Tyler Dubbs started his foodservice career right after high school, when he served as a culinary specialist in the Navy. “Half the time I served on submarines and the other half on a surface ship,” he says.
Le Cordon Bleu College of Culinary Arts in Austin, Texas. He then moved back to Nebraska and earned an undergraduate degree in business from the University of Nebraska, Omaha. “I worked in many different kitchens and had the whole culinary experience for about 10 years,” he says. “I decided to get out of culinary to have a better lifestyle and hours with my wife and daughter, who’s now three and a half.”Upon completing his time in the service, Dubbs earned a degree from
He’s been with Buller Fixture for four years, and Dubbs’ clients mainly lie in the noncommercial segment, including healthcare, assisted living, schools, etc., as well as restaurants. Although Dubbs started in sales, he’s now working in the drafting side of the business, too.
Q: How does your experience as a chef help you?
A: It lets me relate to customers better. I know what their expectations, needs and wants are. Every customer is different, whether a restaurant or institution, but food is all the same. I experienced everything from fine dining to catering, which helps me figure out what clients are wanting and what works best.
Q: Describe one principle you learned as a chef that still influences your approach to design and/or equipment specification.
A: As a chef, the work ethic I had has carried over to this job. I put in the time and effort to do everything right the first time. As a chef, you don’t want to mess up a dish and redo it; the same applies to my job now. I learn from my mistakes and apply this knowledge the next time. With both jobs, there is always something to learn and people to learn from.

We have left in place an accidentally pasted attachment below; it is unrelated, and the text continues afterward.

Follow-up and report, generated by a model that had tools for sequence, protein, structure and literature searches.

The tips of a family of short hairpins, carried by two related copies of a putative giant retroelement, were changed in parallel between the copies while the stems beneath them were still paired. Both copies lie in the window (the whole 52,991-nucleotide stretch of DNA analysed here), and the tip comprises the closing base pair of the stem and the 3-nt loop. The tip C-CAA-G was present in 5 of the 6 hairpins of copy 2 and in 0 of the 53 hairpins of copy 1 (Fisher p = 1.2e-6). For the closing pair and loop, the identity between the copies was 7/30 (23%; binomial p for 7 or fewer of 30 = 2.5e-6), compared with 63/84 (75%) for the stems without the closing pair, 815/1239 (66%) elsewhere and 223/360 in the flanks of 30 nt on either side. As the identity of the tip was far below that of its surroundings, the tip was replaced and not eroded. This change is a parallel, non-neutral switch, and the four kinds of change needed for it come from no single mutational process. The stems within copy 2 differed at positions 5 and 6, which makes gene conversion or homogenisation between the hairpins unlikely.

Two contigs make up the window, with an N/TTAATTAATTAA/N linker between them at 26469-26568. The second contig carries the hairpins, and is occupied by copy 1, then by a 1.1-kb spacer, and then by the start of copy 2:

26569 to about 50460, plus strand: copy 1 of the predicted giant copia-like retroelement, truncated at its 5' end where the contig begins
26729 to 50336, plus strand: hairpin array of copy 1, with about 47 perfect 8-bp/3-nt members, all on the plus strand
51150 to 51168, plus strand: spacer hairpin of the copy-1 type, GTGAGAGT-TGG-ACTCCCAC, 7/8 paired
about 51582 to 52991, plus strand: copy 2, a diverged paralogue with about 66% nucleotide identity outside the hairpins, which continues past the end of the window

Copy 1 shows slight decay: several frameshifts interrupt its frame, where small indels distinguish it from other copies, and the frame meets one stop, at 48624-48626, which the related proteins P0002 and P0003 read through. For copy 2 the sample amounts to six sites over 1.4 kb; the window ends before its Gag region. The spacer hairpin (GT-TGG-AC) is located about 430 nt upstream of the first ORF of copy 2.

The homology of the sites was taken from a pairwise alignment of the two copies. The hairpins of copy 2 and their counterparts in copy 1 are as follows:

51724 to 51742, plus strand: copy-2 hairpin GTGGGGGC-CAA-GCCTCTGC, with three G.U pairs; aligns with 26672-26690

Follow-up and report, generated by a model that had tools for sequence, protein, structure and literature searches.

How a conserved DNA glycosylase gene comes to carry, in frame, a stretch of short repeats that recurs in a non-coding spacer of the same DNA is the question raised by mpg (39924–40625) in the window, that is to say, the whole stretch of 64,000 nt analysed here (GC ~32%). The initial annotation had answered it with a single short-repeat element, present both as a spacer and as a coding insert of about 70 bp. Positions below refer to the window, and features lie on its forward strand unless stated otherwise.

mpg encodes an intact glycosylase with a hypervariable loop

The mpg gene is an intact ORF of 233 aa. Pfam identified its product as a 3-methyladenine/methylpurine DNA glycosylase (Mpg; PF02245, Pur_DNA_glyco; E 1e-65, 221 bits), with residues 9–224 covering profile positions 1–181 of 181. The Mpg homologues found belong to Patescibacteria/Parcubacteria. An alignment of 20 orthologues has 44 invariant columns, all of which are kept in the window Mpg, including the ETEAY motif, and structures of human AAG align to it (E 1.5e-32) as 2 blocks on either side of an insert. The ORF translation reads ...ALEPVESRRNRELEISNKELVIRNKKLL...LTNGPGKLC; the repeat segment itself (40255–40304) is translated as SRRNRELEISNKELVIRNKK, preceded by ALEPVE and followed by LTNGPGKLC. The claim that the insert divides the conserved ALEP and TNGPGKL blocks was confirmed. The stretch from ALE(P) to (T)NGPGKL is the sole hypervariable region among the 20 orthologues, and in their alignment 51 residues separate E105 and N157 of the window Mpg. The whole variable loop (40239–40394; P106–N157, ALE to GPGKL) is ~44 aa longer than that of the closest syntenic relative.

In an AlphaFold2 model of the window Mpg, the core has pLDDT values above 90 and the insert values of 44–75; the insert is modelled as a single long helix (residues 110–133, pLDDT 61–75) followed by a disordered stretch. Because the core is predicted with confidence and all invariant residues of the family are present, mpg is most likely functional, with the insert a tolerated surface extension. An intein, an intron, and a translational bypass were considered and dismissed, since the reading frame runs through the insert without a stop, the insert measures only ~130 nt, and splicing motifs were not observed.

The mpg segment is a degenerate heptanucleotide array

Q: How does your experience in the military influence your approach to projects and working with customers?
A: In the military, as long as you follow orders and listen to your superiors, life is easy. I kept the same work ethic in my professional life. I have the same determination, listening to others’ opinions and advice who work in this office and field to tackle new situations.
Q: How do you handle the unexpected with a project team?
A: Things happen. It’s about taking charge and working with them, whether it’s calling reps who are involved or manufacturers to get the problem addressed and set a timeline when the issue will be fixed. Then I can give the client a timeline to fix the issue. You plan for every job and inspect every piece of equipment, but some things can be missed. It all comes down to strong relationships with customers and taking the time and extra steps when issues arise to get them fixed as quickly as possible. It also helps to maintain relationships with them.
Q: You’ve developed a reputation as someone who continues to further their foodservice-related education. Why is that important to you?
A: In this industry, there’s always something new. I had the opportunity to learn CAD with my company backing and supporting me. I’m also CFSP, HACCP and ServSafe certified. I’m always a sponge for new information. It helps me understand the industry better and my customers’ wants and needs.